3—Interpretation

(1) In this Act, unless the contrary intention appears—



accredited ART centre means a person or body accredited to carry out assisted reproductive technology by—

(a) the Reproductive Technology Accreditation Committee of the Fertility Society of Australia; or

(b) if the regulations prescribe another body or other bodies in addition to, or instead of, the body mentioned in paragraph (a)—that other body or any of those other bodies, as the case requires;

animal does not include a human;

chimeric embryo means—

(a) a human embryo into which a cell, or any component part of a cell, of an animal has been introduced; or

(b) a thing declared by the regulations to be a chimeric embryo;

Commonwealth authority means—

(a) a body corporate established for a public purpose by or under an Act of the Commonwealth; or

(b) a company in which a controlling interest is held by any one of the following persons, or by 2 or more of the following persons together:

(i) the Commonwealth;

(ii) a body covered by paragraph (a);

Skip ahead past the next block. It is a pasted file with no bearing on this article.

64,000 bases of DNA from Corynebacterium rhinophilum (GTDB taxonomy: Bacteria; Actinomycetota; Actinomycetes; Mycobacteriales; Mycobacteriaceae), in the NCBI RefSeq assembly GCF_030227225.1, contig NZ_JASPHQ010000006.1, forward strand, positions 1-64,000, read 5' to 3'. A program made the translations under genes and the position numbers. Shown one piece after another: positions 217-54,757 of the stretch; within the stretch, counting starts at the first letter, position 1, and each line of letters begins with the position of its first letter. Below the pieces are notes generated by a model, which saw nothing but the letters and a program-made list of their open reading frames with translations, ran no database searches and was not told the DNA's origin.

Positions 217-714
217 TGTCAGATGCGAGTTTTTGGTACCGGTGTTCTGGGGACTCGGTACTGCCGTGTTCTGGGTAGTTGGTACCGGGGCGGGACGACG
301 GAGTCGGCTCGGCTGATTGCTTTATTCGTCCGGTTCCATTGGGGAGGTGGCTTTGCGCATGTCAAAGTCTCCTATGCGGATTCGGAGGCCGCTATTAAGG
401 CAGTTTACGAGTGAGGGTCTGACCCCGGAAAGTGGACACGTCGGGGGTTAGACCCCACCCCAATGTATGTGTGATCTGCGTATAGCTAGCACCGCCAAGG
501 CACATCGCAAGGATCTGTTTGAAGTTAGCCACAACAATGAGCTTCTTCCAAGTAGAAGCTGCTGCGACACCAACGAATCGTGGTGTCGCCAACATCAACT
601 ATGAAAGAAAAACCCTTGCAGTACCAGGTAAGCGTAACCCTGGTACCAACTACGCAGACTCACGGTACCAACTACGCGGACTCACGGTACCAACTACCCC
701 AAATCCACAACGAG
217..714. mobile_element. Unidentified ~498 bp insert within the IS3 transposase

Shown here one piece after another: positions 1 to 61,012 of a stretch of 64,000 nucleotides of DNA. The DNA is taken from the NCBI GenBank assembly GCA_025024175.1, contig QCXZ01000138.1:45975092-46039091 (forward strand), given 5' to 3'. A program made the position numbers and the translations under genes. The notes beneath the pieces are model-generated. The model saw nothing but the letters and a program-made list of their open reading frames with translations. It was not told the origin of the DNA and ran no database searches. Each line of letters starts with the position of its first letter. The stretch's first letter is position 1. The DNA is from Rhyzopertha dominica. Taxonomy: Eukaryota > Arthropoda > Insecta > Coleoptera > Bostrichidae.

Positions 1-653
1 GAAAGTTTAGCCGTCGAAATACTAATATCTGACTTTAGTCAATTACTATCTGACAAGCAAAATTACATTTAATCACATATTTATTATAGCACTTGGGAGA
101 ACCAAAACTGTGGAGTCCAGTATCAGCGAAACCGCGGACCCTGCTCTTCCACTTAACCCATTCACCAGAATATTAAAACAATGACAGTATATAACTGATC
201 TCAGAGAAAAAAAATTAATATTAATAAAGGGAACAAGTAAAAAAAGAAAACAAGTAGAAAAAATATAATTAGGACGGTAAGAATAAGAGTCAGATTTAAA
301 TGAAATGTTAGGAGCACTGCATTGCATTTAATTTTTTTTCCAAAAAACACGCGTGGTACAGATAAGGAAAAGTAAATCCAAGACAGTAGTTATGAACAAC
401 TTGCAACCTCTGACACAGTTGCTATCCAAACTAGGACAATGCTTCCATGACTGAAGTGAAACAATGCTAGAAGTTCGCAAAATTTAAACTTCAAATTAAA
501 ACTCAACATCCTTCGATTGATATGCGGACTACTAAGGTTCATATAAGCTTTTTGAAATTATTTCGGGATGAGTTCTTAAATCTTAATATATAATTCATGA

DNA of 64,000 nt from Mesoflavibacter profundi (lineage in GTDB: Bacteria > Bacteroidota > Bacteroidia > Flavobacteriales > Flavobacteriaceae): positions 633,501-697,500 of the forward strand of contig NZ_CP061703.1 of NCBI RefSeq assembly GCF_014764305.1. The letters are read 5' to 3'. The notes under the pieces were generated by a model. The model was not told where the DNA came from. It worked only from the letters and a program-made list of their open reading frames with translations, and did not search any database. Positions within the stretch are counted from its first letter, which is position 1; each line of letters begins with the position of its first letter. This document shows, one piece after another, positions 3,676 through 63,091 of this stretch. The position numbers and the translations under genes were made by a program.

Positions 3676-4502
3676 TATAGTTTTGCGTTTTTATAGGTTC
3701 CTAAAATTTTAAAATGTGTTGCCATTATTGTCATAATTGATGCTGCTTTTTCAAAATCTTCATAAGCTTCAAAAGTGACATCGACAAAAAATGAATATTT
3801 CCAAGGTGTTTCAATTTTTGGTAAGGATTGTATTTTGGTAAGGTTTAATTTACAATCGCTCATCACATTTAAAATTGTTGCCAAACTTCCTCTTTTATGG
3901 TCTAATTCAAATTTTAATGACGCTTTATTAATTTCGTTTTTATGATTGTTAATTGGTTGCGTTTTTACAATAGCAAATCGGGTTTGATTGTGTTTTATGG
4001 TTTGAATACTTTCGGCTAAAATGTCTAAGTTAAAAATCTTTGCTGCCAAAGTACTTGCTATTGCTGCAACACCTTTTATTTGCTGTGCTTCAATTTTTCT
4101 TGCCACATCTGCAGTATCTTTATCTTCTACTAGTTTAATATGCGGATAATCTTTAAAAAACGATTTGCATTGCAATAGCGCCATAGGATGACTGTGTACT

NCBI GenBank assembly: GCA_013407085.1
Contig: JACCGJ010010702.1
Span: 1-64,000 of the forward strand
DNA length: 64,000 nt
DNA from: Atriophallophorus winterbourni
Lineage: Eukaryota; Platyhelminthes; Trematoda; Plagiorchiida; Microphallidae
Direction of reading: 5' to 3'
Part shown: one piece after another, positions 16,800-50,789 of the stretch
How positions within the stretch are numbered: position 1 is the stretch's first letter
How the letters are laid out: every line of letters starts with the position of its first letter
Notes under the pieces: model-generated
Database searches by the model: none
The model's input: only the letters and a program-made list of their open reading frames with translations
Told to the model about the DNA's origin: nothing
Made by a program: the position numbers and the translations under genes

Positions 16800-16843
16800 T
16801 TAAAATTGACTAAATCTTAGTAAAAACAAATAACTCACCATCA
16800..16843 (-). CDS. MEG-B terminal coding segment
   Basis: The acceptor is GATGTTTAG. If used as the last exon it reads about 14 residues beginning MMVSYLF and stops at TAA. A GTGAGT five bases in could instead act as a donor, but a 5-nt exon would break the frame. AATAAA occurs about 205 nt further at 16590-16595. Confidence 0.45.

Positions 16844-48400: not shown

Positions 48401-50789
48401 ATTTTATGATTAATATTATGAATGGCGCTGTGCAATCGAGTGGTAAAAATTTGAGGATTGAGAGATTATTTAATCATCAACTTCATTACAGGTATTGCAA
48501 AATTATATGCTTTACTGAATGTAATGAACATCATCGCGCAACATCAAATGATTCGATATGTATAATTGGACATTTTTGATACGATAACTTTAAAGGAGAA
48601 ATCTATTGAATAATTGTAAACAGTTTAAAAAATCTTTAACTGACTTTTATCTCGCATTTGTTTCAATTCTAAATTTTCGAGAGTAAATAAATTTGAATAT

(iii) a body covered by either of the above subparagraphs;



excess ART embryo means a human embryo that—

(a) was created, by assisted reproductive technology, for use in the assisted reproductive treatment of a woman; and

(b) is excess to the needs of—

(i) the woman for whom it was created; and

(ii) her spouse (if any) at the time the embryo was created;

human embryo means a live embryo that has a human genome or an altered human genome and that has been developing for less than 8 weeks since the appearance of 2 pro-nuclei or the initiation of its development by other means;

human embryo clone means a human embryo that is a genetic copy of another living or dead human, but does not include a human embryo created by the fertilisation of a human egg by human sperm;

human reproductive material means—

(a) a human embryo; or

(b) human sperm; or

(c) a human egg; or

(d) a thing declared by the regulations to be human reproductive material;

human sperm includes human spermatids;

hybrid embryo means—

(a) an embryo created by the fertilisation of a human egg by animal sperm; or

(b) an embryo created by the fertilisation of an animal egg by human sperm; or